Delta(9)-THC (1 mg/kg, i.v.) significantly increased extracellular dopamine and glutamate levels and decreased GABA levels. 



This partially speaks to some of the disruption from cannabis in that area.


The more glutamate we have released, the more GABA gets used up to counter it!


The two are diametrically opposed in the brain (gas and brake pedal).


Dopamine is a whole other beast!


It's not directly implicated in the anxiety circuit but its front and center in the addiction circuit.


It's our reward system chemical and where there's an addiction, there's dopamine rush!


See our article on CBD versus benzos for anxiety if you want to see how that works!


So the net net for THC.


For long term brain signaling and structure, occasional use may be less impactful on the anxiety circuit.


Chronic use and early adolescent use can adversely affect brain areas and the connections between them directly tied anxiety (and depression).


In a given instance, low levels of THC can reduce anxiety (if you don't have the histamine issue below) while higher levels increase anxiety.


What about CBD and GABA?


GABA is so important to the anxiety circuit (millions of benzo prescriptions per year) that we did a thorough analysis of it in our CBD and GABA levels for anxiety article here.


The net effect is this:

Finally, the anxiolytic effects of systemic CBD partially depended on GABAA receptor activation 



Don't just stop there though...check out that article.  It's really fascinating since GABA activation has an immediate effect on anxiety.  


Also, check out CBD versus benzos for anxiety since they both hit this same pathway (but without the nasty addiction tied to benzos).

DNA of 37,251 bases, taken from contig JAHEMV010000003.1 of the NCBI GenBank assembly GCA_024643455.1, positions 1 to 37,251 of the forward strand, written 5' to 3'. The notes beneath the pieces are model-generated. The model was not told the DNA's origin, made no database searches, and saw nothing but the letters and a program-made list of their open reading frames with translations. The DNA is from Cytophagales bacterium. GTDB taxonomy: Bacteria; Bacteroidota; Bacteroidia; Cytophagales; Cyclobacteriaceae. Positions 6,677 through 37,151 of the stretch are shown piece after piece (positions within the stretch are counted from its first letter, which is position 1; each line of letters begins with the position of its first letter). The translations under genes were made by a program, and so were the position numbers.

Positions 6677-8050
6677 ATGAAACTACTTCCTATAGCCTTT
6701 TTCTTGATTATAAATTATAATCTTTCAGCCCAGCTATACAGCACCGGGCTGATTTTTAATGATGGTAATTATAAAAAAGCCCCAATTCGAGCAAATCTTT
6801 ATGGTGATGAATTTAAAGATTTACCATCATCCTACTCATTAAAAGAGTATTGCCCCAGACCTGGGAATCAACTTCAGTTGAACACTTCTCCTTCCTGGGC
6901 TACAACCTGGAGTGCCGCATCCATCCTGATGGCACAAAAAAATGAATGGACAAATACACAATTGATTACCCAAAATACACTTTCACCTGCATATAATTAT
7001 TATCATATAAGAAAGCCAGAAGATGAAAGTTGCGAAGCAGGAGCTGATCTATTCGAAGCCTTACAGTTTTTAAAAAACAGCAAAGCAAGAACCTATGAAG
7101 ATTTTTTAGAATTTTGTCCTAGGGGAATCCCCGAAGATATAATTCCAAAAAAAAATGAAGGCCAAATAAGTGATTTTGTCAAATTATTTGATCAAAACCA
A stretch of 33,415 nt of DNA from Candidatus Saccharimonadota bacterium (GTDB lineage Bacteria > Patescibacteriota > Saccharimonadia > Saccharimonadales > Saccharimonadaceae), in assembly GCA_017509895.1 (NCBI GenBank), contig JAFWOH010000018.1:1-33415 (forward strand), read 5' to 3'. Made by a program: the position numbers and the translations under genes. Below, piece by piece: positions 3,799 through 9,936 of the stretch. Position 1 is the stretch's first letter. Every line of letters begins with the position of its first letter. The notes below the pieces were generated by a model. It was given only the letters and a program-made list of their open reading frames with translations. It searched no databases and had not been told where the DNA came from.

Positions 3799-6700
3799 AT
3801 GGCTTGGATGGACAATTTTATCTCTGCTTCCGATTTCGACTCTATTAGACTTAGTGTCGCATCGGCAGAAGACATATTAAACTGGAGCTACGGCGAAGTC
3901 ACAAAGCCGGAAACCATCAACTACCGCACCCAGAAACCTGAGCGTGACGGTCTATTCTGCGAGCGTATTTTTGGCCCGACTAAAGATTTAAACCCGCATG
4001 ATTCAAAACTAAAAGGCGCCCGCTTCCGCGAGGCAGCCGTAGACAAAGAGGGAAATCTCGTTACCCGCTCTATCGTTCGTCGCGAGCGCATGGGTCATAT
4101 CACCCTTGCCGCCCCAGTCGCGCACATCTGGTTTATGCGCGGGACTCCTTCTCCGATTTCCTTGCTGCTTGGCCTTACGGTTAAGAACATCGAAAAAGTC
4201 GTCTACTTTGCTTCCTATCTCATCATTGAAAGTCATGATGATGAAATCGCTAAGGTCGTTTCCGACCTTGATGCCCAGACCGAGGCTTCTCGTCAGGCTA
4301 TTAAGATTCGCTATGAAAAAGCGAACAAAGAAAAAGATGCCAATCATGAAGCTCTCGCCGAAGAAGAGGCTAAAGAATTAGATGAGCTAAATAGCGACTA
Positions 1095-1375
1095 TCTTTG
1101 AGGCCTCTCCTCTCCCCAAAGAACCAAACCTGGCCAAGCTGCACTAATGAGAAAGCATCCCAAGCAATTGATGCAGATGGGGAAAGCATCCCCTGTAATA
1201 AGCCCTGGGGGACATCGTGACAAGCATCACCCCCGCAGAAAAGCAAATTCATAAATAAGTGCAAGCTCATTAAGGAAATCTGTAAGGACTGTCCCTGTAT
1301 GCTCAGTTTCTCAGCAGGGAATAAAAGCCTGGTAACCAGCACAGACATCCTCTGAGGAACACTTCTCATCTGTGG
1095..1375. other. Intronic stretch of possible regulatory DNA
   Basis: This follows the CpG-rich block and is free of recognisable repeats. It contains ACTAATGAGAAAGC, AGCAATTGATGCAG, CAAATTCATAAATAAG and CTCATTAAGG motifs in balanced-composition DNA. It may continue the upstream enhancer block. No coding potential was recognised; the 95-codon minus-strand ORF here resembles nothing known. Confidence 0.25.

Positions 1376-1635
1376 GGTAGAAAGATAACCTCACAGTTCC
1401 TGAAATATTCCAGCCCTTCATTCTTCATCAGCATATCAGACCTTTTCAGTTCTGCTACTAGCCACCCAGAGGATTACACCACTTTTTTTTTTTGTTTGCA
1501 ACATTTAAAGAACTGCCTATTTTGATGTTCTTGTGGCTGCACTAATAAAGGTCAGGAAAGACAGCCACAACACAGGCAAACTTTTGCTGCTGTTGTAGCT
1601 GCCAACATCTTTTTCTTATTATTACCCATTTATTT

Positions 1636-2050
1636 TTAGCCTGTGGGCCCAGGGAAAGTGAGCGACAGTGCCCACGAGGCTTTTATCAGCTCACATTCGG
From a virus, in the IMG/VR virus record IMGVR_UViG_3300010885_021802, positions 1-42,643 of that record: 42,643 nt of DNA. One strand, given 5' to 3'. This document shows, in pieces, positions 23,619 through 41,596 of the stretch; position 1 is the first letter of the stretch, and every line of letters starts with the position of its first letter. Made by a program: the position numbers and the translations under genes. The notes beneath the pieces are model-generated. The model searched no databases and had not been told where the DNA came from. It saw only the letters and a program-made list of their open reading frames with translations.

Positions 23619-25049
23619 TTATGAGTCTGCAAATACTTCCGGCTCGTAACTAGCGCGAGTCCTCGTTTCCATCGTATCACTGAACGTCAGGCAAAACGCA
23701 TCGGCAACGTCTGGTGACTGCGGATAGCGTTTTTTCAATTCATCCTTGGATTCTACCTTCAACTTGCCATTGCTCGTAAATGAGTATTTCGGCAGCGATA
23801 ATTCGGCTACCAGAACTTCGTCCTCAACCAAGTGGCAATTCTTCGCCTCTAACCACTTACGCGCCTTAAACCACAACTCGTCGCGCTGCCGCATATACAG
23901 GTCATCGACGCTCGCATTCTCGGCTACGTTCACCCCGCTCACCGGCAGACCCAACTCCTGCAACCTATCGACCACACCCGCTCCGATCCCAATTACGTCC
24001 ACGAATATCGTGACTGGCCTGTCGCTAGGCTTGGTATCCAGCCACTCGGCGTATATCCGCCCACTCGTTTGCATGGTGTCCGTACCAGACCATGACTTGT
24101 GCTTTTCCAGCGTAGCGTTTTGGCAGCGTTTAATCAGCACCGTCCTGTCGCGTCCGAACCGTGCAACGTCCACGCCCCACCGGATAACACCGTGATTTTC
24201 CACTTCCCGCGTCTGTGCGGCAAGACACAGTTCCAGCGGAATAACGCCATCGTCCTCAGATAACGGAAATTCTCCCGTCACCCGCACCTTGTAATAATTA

The relationship between THC and CBD for anxiety 

It's an interesting relationship that THC and CBD have when it comes to anxiety.


As we mentioned above, THC is shown to be anti-anxiety (for people without histamine issues) at lower doses but can cause anxiety at higher doses.


CBD has a pretty consistent anti-anxiety effect till very high levels where a separate channel (TRPV) gets triggered.


It's been known in research for a while now that CBD can offset the negatives of THC.


In fact, this was the original driver of the "entourage effect" which is now used to push full-spectrum CBD.


For example, the example of the hippocampus damage from THC: 

Users not exposed to CBD had 11% reduced volumes and 15% lower NAA concentrations. Users exposed to CBD and former users did not differ from controls on any measure. 



Did you catch that last part?


"Did not differ from controls"


Basically, CBD blocked the negatives of THC in the hippocampus loss.


There's also a big misconception that you need THC to "activate" CBD.


Nothing could be further from the truth.


The two actually have to compete and opposing effects throughout most of the pathways...especially the anxiety circuit on a long term basis.


We'll let the researchers sum it up:

Epidemiological studies of various neuropsychiatric disorders indicate that a higher CBD content in chronically consumed cannabis may protect against adverse effects of THC, including psychotic symptoms, drug cravings, memory loss, and hippocampal gray matter loss



One of the "psychotic" symptoms was an intense anxiety effect.


Check out the new book, Never Enough from Judith Grisel for a good explanation of how THC affects multiple pathways across the brain.  Very interesting read.


Also, check out Full-spectrum versus CBD Isolate for more research on THC versus CBD.


One final example out of dozens.


In a study, they gave CBD to one set of participants and a placebo to another set.


They then administered high levels of THC (enough to provoke a psychotic reaction):